I first got to know Felipe and Maryam when they were doing a cycle tour SE Asia and they contacted me through the Warmshowers website to see if they could stay at my place when coming through Cambodia. It just so happened that the time they were planning to come was the same weekend as the King’s birthday and my wife and I were planning to go out of town to visit Kampot, but told them we would be back for their last night and Felipe was welcome to stay with us, as Maryam would have already left to go back to Iran. However, things worked out a little differently and they came over for a couple days before our long-weekend.
Initially planning to cycle 5000km from Kuala Lumpur to India, after meeting other bike tourists along the way and discussing things, they decided to spend more time in SE Asia, rather than head into India. Two factors that helped make this decision were that it is illegal to camp in Myanmar and India can be very busy and congested and they didn’t feel ready for that.
When talking about contrasts between countries they felt that the biggest change came when they crossed the border from Malaysia to Thailand and it wasn’t because of economics or development, but due to culture and language. Felipe mentions later in the podcast that he has the utmost respect for Buddhism as a way of life, as people seem to be more content and at peace with themselves. Not as anything again other religions but I was in agreement that here in Cambodia, people very rarely seem to be angry when driving but only honk their horns as common practice and not because of anger.
There is a swift switch between Muslim to Budhism in this region, but the barrier of communication was the hardest.
Bicycle touring is never and easy endeavour, but is often fraught with challenges that must be overcome. This could be cycling in 40 degree weather during the dry season is SE Asia, having ongoing mechanical issues making life stressful, trying to push on and dealing with fatigue and heat exhaustion, dealing with monsoon rains, etc. These are all things that bicycle tourists get used to dealing with on a daily basis, and account for in the day-to-day experience of their trip. One thing most bicycle tourists don’t generally have to worry about is getting across a border when they are holding a valid visa. Such is the constant worry of Iranians when travelling by bicycle, as it is often difficult to get a visa for various countries, but then, even with a visa, they hear stories of travellers getting stuck at borders in which the guards don’t want to let them pass even though they hold a valid visa. This is what happened to Maryam when she tried to enter Cambodia.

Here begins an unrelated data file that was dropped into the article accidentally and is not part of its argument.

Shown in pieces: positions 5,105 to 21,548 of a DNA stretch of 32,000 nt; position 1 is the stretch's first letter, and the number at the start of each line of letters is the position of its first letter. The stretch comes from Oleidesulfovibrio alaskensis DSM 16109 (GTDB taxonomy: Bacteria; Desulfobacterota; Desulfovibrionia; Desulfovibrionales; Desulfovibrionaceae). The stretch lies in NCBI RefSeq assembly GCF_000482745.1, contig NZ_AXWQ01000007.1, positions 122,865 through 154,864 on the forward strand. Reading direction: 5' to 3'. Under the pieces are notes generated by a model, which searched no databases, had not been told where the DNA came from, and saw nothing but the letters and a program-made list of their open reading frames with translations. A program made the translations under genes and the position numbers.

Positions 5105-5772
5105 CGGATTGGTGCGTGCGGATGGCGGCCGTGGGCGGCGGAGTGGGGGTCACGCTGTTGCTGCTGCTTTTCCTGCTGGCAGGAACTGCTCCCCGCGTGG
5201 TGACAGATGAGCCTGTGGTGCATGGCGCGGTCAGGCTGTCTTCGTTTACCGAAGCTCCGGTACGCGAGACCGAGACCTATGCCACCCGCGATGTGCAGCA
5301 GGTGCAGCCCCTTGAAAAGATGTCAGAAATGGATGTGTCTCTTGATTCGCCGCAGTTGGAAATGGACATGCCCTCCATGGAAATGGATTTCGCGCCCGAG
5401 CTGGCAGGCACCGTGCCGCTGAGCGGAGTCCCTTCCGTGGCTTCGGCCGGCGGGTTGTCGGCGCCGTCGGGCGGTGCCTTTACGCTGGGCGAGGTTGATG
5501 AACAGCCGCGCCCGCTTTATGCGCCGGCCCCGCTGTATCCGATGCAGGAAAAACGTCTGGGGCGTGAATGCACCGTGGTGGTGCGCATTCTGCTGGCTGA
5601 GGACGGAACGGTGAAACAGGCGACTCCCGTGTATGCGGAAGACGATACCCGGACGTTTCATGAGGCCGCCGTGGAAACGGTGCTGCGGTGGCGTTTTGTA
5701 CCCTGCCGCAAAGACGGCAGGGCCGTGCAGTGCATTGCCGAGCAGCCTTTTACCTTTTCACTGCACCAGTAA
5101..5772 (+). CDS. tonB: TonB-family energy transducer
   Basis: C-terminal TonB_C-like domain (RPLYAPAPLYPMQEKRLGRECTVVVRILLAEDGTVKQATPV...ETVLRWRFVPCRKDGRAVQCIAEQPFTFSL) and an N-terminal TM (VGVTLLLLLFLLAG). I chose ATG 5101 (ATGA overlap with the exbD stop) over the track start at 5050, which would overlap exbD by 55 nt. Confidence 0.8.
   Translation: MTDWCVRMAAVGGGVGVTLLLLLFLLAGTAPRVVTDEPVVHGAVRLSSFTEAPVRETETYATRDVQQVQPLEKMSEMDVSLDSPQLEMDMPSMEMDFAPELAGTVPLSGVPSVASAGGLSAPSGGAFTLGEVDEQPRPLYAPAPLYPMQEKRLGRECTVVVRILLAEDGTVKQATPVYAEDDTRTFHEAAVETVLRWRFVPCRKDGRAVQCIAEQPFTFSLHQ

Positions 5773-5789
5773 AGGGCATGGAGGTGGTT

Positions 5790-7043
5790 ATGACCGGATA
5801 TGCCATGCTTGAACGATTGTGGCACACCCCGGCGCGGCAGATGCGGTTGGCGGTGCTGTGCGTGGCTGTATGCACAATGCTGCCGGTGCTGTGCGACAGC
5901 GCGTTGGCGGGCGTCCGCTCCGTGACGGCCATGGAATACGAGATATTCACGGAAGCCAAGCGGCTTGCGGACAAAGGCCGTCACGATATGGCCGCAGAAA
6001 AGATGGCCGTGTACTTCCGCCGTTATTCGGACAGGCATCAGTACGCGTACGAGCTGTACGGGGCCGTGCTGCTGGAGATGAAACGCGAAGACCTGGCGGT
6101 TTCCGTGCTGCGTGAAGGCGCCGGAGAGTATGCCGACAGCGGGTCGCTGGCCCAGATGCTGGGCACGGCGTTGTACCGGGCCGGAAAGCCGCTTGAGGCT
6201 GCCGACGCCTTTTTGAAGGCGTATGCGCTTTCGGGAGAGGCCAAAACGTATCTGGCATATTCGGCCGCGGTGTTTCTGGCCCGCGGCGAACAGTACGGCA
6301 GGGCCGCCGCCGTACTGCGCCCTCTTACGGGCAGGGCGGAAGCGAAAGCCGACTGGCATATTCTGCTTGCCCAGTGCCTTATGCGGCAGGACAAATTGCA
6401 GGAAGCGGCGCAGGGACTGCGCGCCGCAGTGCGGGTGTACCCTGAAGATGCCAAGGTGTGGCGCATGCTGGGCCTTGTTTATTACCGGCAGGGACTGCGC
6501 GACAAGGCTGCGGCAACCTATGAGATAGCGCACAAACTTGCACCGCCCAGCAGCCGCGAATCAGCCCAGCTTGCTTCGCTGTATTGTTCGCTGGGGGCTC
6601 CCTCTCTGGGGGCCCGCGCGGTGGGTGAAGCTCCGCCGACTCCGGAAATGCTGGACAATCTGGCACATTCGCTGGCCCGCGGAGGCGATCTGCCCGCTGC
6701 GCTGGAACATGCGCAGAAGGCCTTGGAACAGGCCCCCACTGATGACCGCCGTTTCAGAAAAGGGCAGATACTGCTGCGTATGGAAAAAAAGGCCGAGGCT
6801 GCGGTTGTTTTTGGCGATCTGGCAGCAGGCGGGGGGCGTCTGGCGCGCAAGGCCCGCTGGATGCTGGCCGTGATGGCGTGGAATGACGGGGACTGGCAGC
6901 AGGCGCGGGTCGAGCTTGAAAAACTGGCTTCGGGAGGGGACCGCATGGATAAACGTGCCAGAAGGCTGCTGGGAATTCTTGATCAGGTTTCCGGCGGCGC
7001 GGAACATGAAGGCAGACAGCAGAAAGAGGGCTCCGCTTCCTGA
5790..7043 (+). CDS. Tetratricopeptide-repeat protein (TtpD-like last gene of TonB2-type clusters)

The morning Maryam and Felipe were stuck at the Tropaeng Kreal border was the day after I recorded the podcast with Pablo and Guillaume, from Episode 003, and I forgot to take my phone off silent mode. I didn’t notice the missed calls and messages until about 2 hours later. Luckily they had a sim card they got from other bicycle tourists and it had data left of it. After another two hours or so, and a lot of frustration of their part, I called the E-visa immigration office and they got in touch the border office, which ultimately allowed them to get through.
We waited there about 6 hours and communicated with people, with you, and after an officer could help us and if he didn’t help us, I couldn’t come and I couldn’t enter, even with my valid visa.
It was really amazing to hear the story of how they met through Warmshowers, a bike touring website similar to Couchsurfing in which people share their homes with bike tourists as they pass through. The Warmshowers site also has discussion boards in which people can communicate and discuss things. Through this, Felipe and Maryam met, discussed a trip, and through this process started to fall for one another. After meeting in Turkey, they decided that they would enjoy travelling together and started the final preparations for the tour. As the tour went on, their love for one another began to grow and they decided to get married in Iran and for Maryam to move with Felipe to Mexico.
I think both of us want the same for our life. Share our lives with a person that you can share your dreams, and for us, to make this kind of trip is a dream.
Sima and I really enjoyed getting to know them. As their plans had changed we did end up having the opportunity to spend some time with them at our house and were lucky to make some new friends along the way.
All the best to you Felipe and Maryam. Congratulations on the upcoming marriage and we hope to see you again.